GM Rob Blake clearly believes this team is in win-now mode, which is why he brought Kovalchuk to California, but it appears as though the window is starting to close on them.

Prospect Pool

• Gabriel Vilardi, C, 18, Kingston Frontenacs – 2017 first-round pick

Vilardi missed the start of the OHL season because of an injury, but he accumulated an impressive 22 goals and 58 points in 32 games in his first year with the Frontenacs. He’s a big center with great vision and great all-around awareness. As his junior numbers indicate, he’s also capable of contributing offensively. The Kings could opt to send him back to junior to see what he’s capable of doing when he’s fully healthy, but he’s probably not that far away from making the leap to the NHL.

“He sees the ice really well. He finds his teammates,” Kings special advisor Mike O’Connell told NHL.com. He’s going to be a tough guy to stop. He still has work to do, as most players do when they first start, but it looks good. It’s a good foundation. I think he should fit right in.”

• Rasmus Kupari, C, 18, Karpat – 2018 first-round pick

Like Vilardi, Kupari gives the Kings another center that is capable of creating offense with his skill (he’s smaller than Vilardi). In his first introduction to pro hockey, the youngster scored six goals and 14 points in 39 games in Finland’s first division, which is a solid season given his age. Of all the prospects on this list, he’s probably the furthest one from contributing at the NHL level, but he’s talented enough that he could get there sooner than later.

• Kale Clague, D, 20, Moose Jaw Warriors – 2016 second-round pick

Clague has been a pleasant surprise since the Kings drafted him in 2016. Not only has he put up impressive numbers at the junior level, but he also managed to crack Team Canada’s roster at each of the last two World Junior Hockey Championship tournaments. He’s a smooth skater that can carry and distribute the puck around the ice. The 20-year-old is also capable of chipping in offensively, as he put up 11 goals and 71 points in 54 games with Brandon and Moose Jaw. He’ll now make the jump to the professional ranks this season.

Joey Alfieri is a writer for Pro Hockey Talk on NBC Sports. Drop him a line at phtblog@nbcsports.com or follow him on Twitter @joeyalfieri.

PHT Morning Skate: Hilary Knight signs in CWHL; John Carlson can break the bank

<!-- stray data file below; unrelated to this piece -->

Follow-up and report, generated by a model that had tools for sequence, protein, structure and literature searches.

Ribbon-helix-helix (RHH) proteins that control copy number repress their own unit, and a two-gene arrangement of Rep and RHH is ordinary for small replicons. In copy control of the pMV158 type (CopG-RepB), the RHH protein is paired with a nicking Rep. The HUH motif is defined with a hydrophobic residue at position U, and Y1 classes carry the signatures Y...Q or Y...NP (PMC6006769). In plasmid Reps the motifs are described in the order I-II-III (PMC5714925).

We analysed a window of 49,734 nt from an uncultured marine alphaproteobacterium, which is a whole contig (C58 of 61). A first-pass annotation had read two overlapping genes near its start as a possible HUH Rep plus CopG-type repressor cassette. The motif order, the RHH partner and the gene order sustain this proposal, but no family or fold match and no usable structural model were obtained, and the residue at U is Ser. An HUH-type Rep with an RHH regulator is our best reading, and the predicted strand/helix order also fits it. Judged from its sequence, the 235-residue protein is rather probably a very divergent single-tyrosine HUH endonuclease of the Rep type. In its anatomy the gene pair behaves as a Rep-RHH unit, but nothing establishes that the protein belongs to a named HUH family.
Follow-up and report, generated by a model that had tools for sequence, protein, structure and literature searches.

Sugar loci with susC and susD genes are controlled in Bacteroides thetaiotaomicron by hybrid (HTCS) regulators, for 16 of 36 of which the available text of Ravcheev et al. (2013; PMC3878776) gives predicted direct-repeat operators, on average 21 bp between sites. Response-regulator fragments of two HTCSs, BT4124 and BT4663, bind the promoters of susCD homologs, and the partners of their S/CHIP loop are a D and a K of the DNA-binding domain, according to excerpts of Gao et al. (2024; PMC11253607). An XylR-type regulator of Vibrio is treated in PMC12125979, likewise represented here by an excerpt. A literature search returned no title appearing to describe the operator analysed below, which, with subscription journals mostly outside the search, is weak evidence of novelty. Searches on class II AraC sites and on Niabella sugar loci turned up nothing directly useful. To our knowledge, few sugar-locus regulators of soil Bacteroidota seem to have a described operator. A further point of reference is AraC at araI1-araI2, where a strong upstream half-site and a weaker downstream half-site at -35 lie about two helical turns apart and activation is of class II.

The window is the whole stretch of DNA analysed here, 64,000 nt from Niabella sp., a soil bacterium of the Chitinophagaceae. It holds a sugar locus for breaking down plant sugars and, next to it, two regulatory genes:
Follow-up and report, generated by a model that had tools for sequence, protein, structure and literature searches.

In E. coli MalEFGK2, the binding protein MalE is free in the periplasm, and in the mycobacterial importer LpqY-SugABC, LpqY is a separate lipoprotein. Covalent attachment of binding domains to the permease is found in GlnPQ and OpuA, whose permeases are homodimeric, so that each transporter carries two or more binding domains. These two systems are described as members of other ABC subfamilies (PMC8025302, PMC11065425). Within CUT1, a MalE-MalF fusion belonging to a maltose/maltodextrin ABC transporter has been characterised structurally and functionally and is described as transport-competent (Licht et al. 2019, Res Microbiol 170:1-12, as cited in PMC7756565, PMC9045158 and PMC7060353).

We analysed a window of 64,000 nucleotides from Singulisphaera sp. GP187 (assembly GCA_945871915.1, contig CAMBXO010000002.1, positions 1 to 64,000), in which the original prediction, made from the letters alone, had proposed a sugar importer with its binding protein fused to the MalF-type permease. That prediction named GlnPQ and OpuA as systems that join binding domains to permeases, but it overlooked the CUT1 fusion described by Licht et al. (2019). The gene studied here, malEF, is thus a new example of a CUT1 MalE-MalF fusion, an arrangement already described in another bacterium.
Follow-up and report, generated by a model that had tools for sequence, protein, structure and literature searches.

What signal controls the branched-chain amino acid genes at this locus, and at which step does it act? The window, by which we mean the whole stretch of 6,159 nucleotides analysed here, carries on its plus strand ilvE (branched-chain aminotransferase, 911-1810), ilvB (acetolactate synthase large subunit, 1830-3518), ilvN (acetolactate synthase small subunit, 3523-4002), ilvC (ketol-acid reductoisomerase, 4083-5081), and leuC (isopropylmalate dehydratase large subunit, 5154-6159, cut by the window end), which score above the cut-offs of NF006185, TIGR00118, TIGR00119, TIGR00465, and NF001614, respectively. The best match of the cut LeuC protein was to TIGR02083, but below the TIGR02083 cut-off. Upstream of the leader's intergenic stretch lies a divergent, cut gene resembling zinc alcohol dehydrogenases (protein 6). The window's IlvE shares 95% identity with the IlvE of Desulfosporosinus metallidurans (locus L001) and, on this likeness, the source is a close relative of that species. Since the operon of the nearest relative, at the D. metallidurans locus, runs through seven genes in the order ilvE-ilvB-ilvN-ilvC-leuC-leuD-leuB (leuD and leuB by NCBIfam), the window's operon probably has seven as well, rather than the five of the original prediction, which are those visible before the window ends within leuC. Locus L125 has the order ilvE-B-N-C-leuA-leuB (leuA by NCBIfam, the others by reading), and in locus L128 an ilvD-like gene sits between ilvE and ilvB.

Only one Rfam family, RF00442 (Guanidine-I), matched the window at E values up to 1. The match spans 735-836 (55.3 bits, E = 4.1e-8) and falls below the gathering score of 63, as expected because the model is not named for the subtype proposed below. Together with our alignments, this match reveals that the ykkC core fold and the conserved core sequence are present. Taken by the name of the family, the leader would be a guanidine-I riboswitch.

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Welcome to the PHT Morning Skate, a collection of links from around the hockey world. Have a link you want to submit? Email us at phtblog@nbcsports.com.

• Section 328 looks at the reasons why Ron Francis is no longer the general manager of the Carolina Hurricanes. (Section 328)

• It sounds like Barry Trotz will turn to Philipp Grubauer more often while Braden Holtby gets his game back on the rails. (NBC Sports Washington)

• Team USA star Hilary Knight will continue her career with the Montreal Canadiennes of the CWHL. (Montreal.thecwhl.com)

• The NHL and NHLPA are trying to get players to pay attention to life after hockey so that they can continue living comfortable lives. (ESPN)

• Expect Capitals blue liner John Carlson to hit the jackpot if he hits the market this summer. (Fan Rag Sports)

• The Tampa Bay Lightning will be getting Peter Budaj back soon. So how should they manage the three goalies on the NHL roster? (Raw Charge)

• Pension Plan Puppets looks at every transaction GM Lou Lamoriello has made since taking over with the Leafs. (Pension Plan Puppets).

• The New York Islanders have been searching for a true number one goalie for a while, but how do their current netminders stack up? (Eyes on Isles)

• Tough news for the Rangers, as Chris Kreider was forced to leave last night’s game against Tampa Bay. (New York Post)

• The Florida Panthers still use some “tough guys” on their fourth line. Even though they’ve been rolling of late, you have to wonder if that’s the right strategy. (The Rat Trick)

• This Blues fan writes about how Brett Hull made him fall in love with the game of hockey. (St. Louis Game Time)